The other thing is that you never see a spider that looks ill or old, which isn’t true of most other species. Take butterflies, moths and bees, for instance – more widely-admired than spiders, although bee stings are responsible for thousands of  anaphylactic shock episodes, and a fortune in epi-pens. These “cuter” bugs end up with worn and ragged wings, or patchy bald spots on their fuzzy bodies. Many mammals become arthritic, grey, thin and weak. Birds can lose feathers and develop a seedy appearance that does not bode well for their senior years. Fish float on the water with their eyes blank and bulging. But when spiders wear out, they just die and vanish (or dry up and blow away). They don’t hang around looking pitiful; they don’t cry either, even if they might want to. They’ve got most of us beat when it comes to finishing with panache.

Because I enjoy peering into the miniature landscape all around me, I do tend to boldly tiptoe where others tread only in work boots. When I happen to spot a nest of newly-emerged spiderlings, my first instinct is to run for the camera. It is never, ever to destroy the hundreds of babies heading into their brief spans under the sun. Their genes have dictated what they must do, and for how long. My genes have shaped me differently; fight-or-flight still operates, but there’s an added layer of rational thought and reflection that no spider can claim (yet). I could stomp and squash, but that wouldn’t help anyone. It would definitely not help the generation of new argiopes or shamrock orb weavers or jumping spiders looking to find homes around my yard.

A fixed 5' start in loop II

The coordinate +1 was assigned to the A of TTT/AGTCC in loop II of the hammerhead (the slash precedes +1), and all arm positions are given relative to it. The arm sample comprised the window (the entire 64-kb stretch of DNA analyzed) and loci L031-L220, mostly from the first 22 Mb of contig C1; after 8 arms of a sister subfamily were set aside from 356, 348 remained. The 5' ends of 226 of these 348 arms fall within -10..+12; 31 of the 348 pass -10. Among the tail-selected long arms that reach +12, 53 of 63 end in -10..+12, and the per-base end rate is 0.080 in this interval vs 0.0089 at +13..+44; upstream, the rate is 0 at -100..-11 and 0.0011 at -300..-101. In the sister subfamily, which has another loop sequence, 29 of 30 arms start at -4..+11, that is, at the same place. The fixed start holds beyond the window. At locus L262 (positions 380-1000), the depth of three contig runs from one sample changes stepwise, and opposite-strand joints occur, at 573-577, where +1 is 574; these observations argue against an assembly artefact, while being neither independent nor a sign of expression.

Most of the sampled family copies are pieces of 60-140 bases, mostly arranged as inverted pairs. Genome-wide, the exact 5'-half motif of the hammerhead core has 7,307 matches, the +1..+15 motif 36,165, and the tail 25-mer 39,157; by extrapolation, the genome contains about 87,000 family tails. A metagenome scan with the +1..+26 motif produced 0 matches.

Squashing the newborns, however, might immensely please the hordes of blackflies and mosquitoes that are tired of being stuck to spider threads and unceremoniously ingested. Then these winged terrors would be happily available to sample my skin. Now, I can’t find much about blood-sucking insects that I would call beautiful. The way they fit into the food chain, and nourish countless birds, is very significant. If there’s something to admire about them, this would be it. I watch the swallows careen all over the sky and understand that sometimes, if you can’t actually be lovely yourself, you can at least make loveliness happen elsewhere.